Calabrian Sausage: history and development
History and anthropology of the Calabrian Sausage
We do not know precisely the area of origin of the pig; some fossils date the species to Central Asia but then it spread all over the planet. The Palaeolithic hunters already hunted the kin of the current pig species to testify the interest for this animal meat. A relationship that is lost in the mists of time when our ancestors already described this animal in their caves. The preservation through salting and maturing of pork is almost certainly an Italian invention, near Mantua were found Etruscan settlements of 2500 years ago that leave us thinking of a process of salting and smoking of meat that was supposedly sold in the Athenian market.
Some centers of Calabria were among the most advanced colonies of Magna Graecia and it is certain that the consumption of cured meats developed on the Athenian model, creating one of the most advanced market of the time, populated by the most civilized and sophisticated people of the ancient world. It is in this historical context that the production of the Calabrian sausage is rooted, which is still today a distinctive element of culture and tradition, linked to liturgies that begin with the killing, pass through the preparation and culminate in the consumption of the product. The preparation of cured meats and in particular of the sausage is an anthropologically revealing moment in the culture of Calabria. The elegant and harmonious cut of the seasoned sausage on the cutting board with a sharp blade is an identifying moment for the Calabrian people.
Traditional sausage processing
Sausage processing methods are handed down orally from generation to generation and takes place through observation and repetition of millennial procedures. Until the 80s, in many small towns of Calabria, pigs were slaughter by many families in their very own garden, and the preparation of sausages was a common ritual for everyone. This productive model offered, although there were conformity in the preparation, different tastes of the salami that differed from family to family, from ward to ward, from country to country. Therefore, there is not a unique Calabrian sausage but a myriad of familiar interpretations of the product.
Traditionally, sausage is prepared through the selection of appropriate meats that are finely cut, salted and flavored with spicy red pepper. The whole process is carefully supervised by the hands of the elders, custodians of tradition and techniques. Later, the spicy meat is stuffed into the washed and dried casing, closed with a string to create a natural vacuum and placed in a basket; sausages are ready to be hung in a chain made of dried reeds. After two nights, it is time for the smoking process that can be done with beech or pine, but also oak or olive, according to availability. This gives the sausage a characteristic and evocative fragrance. Sausage remains hung to dry and season for at least 2 months, after which it can be consumed or put in jars filled with pork fat or oil, in some cases even in wheat or ashes to allow and extend conservation. Today, with the omnipresence of plastic, sausage "strings" or "stocchi" are kept under vacuum. It remains unexpressed and superstitiously does not refer to the fact that, if mistakes have been made in this process, sausage can be marred with great economic damage for a rural Calabrian family. An investment gone wrong at the time could lead to hunger. Sausage processing in Calabria was a serious business, so serious as to require the involvement of the head of the family throughout the production process.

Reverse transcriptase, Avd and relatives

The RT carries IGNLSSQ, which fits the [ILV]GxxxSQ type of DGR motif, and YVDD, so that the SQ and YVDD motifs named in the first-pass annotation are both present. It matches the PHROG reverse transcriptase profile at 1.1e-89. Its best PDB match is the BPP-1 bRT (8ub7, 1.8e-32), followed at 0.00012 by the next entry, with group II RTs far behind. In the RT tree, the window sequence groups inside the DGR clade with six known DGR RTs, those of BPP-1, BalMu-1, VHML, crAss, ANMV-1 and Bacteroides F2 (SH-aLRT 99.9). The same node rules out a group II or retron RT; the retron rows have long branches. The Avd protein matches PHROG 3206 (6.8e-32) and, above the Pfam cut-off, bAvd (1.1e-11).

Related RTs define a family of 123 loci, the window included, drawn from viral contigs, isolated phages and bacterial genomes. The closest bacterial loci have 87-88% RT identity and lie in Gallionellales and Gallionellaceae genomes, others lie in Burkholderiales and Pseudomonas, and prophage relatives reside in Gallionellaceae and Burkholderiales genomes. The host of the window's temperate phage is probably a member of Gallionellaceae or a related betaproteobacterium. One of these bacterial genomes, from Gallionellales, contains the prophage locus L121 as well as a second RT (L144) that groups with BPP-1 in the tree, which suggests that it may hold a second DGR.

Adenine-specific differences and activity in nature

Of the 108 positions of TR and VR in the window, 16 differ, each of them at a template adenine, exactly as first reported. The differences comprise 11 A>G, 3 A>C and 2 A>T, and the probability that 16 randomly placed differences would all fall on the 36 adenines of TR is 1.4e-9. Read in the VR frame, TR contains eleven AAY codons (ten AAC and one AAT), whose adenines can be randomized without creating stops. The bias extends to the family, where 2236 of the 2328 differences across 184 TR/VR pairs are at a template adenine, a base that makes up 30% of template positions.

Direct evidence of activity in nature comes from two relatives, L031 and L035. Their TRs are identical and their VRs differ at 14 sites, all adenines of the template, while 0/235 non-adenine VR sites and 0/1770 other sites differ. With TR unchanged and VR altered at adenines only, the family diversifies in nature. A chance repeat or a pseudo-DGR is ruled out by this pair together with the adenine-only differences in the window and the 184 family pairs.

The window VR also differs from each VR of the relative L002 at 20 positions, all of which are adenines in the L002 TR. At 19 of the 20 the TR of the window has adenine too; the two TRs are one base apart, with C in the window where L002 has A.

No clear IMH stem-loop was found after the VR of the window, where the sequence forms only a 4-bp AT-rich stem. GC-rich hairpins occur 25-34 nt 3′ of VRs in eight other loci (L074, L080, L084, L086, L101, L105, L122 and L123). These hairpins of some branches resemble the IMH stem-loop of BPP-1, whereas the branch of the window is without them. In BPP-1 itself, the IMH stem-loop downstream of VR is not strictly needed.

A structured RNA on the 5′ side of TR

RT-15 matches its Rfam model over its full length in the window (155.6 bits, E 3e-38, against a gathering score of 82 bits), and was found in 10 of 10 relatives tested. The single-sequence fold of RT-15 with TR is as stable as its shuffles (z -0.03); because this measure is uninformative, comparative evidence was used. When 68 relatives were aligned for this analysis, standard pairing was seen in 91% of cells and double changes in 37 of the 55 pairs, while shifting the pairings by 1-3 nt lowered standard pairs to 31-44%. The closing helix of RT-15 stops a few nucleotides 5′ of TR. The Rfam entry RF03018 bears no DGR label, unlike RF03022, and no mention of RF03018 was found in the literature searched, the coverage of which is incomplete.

Modern sausage production
At the beginning of the ‘900 and especially after the second world war, in Calabria there was a generally spread of butcher shops that produced salami, particularly the fresh sausage. It is not seasoned and must be cooked in order to be able to enjoy its taste. Particularly appreciated when used in tomato sauce to season macaroni, on the grill or in the pan to make one of the traditional dishes of Cosenza: broccoli of turnips with sausage. The fresh sausage is often bought in trusted butcher shops that preserves an artisanal production process, while the family production remains for the sausage destined to seasoning.
In the 90s with the application of legislation that regulates the slaughtering of pork and other causes such as depopulation of countries and urbanization, the practice of preparing cured meats at home has greatly reduced, leaving much room for butcher shops. The domestic market still has a very strong demand for sausages and the sausage factories in many cases operate following the tradition, but with the introduction of industrial production models, trying to preserve a result as close as possible to the traditional sausage. Our website bottegadicalabria.com was founded with the intention of offering the public the flavors of the past, drawing only on producers able to work in a traditional way and to offer a sweet or spicy sausage as simple as that of the past, without the use of techniques that would flatten the flavor by making it industrial. The ambition is to expand the sausage market in Italy and around the world, preserving and stimulating those virtuous producers who maintain a healthy, ethical and genuine production model because these workers not only deserve to survive but to proliferate. Encouraging a market with a healthy production chain, we support not only the economy but also the consumer who has the right to taste the Calabria sausage at its best.